04/09/2015

## What am I doing

• Less than fully rational agents are hard

• Start from the opposite direction

• Use simple trial and error

## Who cares?

• Modeling Contribution

• "Suppose first that the market price is above the equilibrium price […] There is a surplus of the good: suppliers are unable to sell all they want at the going price. […] They respond to the surplus by cutting their prices. Prices continue to fall until the market reaches the equilibrium."

• Robustness Check

## The Thermostat ## Feedback ## The agent diagram ## Feedback ## Formally

• A seller wants to sell $$y^*$$ kilos of cheese each day. Today he charged price $$p_t$$ and sold $$y_t$$ kilos. How should he sets tomorrow's price $$p_{t+1}$$

• $$e_t = y^* -y_t$$

• $$p_{t+1} = a e_t + b \sum_0^t e_{\tau} d\tau + c \frac{de_t}{d_t} + p_0$$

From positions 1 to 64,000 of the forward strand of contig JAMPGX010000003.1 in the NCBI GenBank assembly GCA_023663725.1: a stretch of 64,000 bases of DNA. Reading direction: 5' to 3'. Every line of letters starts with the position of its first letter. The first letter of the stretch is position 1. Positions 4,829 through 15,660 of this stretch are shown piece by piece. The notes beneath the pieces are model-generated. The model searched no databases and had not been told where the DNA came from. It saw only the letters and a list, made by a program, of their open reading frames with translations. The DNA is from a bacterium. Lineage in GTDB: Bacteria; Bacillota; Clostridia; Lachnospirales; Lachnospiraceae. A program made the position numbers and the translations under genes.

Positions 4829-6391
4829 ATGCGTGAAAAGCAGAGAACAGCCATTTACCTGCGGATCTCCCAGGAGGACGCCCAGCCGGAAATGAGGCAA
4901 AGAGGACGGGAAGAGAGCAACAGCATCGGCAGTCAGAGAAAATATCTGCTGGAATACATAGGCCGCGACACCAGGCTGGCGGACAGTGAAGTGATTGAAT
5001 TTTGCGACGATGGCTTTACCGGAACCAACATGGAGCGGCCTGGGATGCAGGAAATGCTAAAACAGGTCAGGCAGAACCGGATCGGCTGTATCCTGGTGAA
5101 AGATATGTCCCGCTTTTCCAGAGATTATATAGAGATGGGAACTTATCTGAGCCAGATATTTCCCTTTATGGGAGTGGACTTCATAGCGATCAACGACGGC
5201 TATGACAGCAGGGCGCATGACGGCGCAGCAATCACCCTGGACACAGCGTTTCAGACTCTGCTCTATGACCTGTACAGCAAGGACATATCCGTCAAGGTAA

## Why PI(D) Controllers

• Absence of model knowledge

• Assume unsophisticated users

• Simple to code

• Simple to fit

## Cyber-ECB ## Alternatives

• Reactive/Subsumption Architecture

• Zero-Intelligence (Plus)

• Probe and Adjust

• Gintis

## Adapting over Learning - Change in Endowment

• Making 50 kilos of cheese a day require action over multiple markets: milk, workers, sales. How do we generalize PID pricing over multiple markets?

• How do we decide how many kilos of cheese to produce in order to maximize profits?

## Marginal Maximizer

• Profits are maximized when marginal benefits equal marginal costs

• $$\text{Marginal Benefit: } p_t = w_t \text{ :Marginal Costs}$$

## We know how to deal with sliders

• Use a PID controller to find how for which production target $$p_t = w_t$$

• Lower Frequency

## Decisions are fed in ## Information feeds back